SAWA has managed to implement the UMATA program in the Kongwa District Council by facilitating demand creation for communities living in Kongwa Rural villages and urban centers, which covers 31 villages with 146- sub-villages (total household 26,859 with population of 128,208 people (63,758 are male and 64,450 female) in 11 wards with school children from 38 primary schools. The contract was over the period of May 1st 2016 to October 31st 2017.

SAWA worked in collaboration with the district team from Kongwa through DHO, the SWASH Coordinator, the Community Development Officer at ward, and village level worked with Ward Health officers, Ward Education officers, WEOs, Village Executive officers, and community members through CLTS teams.

SAWA used community-led total sanitation (CLTS) approach for demand creation and triggering the community to stop open defecation. The triggering involved rapport building with the community, participatory analysis, ignition moment, action planning by the community, promotion of hand washing, and conducted close follow up.

SAWA played a role in capacity development to ward and village leaders through multiple trainings to make sure that there is the  knowledge and skills present for data collection, triggering, monitoring, and updating of sanitation registers within villages and sub villages.

SAWA has instructed the existing microfinance groups on the importance of sanitation funding and of its great importance in improving sanitation in the community. In total, 35 active microfinance groups with 762 members (526 being females) and 14 active artisans (8 being members of those microfinance groups) are in place. The total fund in these groups is Tsh 52,098,338 with Tsh. 567,200 being the total amount taken as sanitation loan (4,025,000 taken by males and 1,647,000 taken by females. A total of 344 new and improved latrines have been constructed by these microfinance group members.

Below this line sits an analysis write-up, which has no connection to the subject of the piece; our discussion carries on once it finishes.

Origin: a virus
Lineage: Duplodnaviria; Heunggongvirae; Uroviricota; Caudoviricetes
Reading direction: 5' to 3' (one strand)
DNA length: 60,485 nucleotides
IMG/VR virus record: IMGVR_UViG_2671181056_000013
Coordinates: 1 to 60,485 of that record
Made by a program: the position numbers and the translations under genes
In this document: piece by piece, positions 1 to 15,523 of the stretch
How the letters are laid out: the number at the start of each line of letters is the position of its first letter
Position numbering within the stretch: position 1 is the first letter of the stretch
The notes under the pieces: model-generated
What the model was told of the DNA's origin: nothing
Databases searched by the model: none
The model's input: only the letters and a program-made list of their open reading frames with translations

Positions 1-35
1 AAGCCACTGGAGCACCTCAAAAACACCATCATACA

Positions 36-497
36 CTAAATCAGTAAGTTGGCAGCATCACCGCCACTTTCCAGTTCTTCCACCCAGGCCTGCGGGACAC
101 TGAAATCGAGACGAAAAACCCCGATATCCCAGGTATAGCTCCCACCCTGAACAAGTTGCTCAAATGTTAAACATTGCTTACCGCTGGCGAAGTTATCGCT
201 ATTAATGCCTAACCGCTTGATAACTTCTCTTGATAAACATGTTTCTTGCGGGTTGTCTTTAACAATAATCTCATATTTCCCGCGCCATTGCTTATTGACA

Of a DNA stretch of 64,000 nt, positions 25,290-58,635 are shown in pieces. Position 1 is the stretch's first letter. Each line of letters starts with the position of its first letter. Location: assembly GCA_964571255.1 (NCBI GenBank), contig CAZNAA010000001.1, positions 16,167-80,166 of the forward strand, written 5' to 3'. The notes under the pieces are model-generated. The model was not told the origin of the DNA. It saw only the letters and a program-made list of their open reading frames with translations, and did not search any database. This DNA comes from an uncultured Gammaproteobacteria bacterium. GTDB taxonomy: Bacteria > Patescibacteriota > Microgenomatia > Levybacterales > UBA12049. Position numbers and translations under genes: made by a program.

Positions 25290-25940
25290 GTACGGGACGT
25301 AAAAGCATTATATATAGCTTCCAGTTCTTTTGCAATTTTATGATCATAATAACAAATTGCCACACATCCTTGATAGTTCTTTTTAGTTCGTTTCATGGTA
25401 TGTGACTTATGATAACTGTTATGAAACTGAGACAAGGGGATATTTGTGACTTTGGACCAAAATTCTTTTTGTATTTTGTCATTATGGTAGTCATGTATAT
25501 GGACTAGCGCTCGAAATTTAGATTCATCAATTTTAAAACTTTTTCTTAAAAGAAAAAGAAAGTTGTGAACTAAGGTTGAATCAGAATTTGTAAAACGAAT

SAWA also partnered with Raleigh International – Tanzania, an organization that supports young Tanzanians and their fellow partners from the UK to volunteer and work with local communities as part of learning on WASH. This engagement supported access to sanitation and water services in 8 schools, where Raleigh provided industrial materials and labour costs while communities in respective schools provided local materials and labour. The volunteers provided hygiene education to communities.

Near the end of the contract, SAWA managed to facilitate 19 villages ODF, reaching 81,027 people (40,338 being female) in 15,849 HH, where 6 wards are now 100% ODF. A total of 35 microfinance groups and 14 active community artisans were created. The project reached 38 schools with 27,893 pupils (girls 14,368 and 13,525 boys). The remaining villages have reached to 98% of latrine coverage.

SAWA has managed to submit the final project report to Plan International. Therefore, we are waiting for the project extension, if SAWA will be selected for it. Currently, Plan International is doing an evaluation to sub-grantee based off of their performance.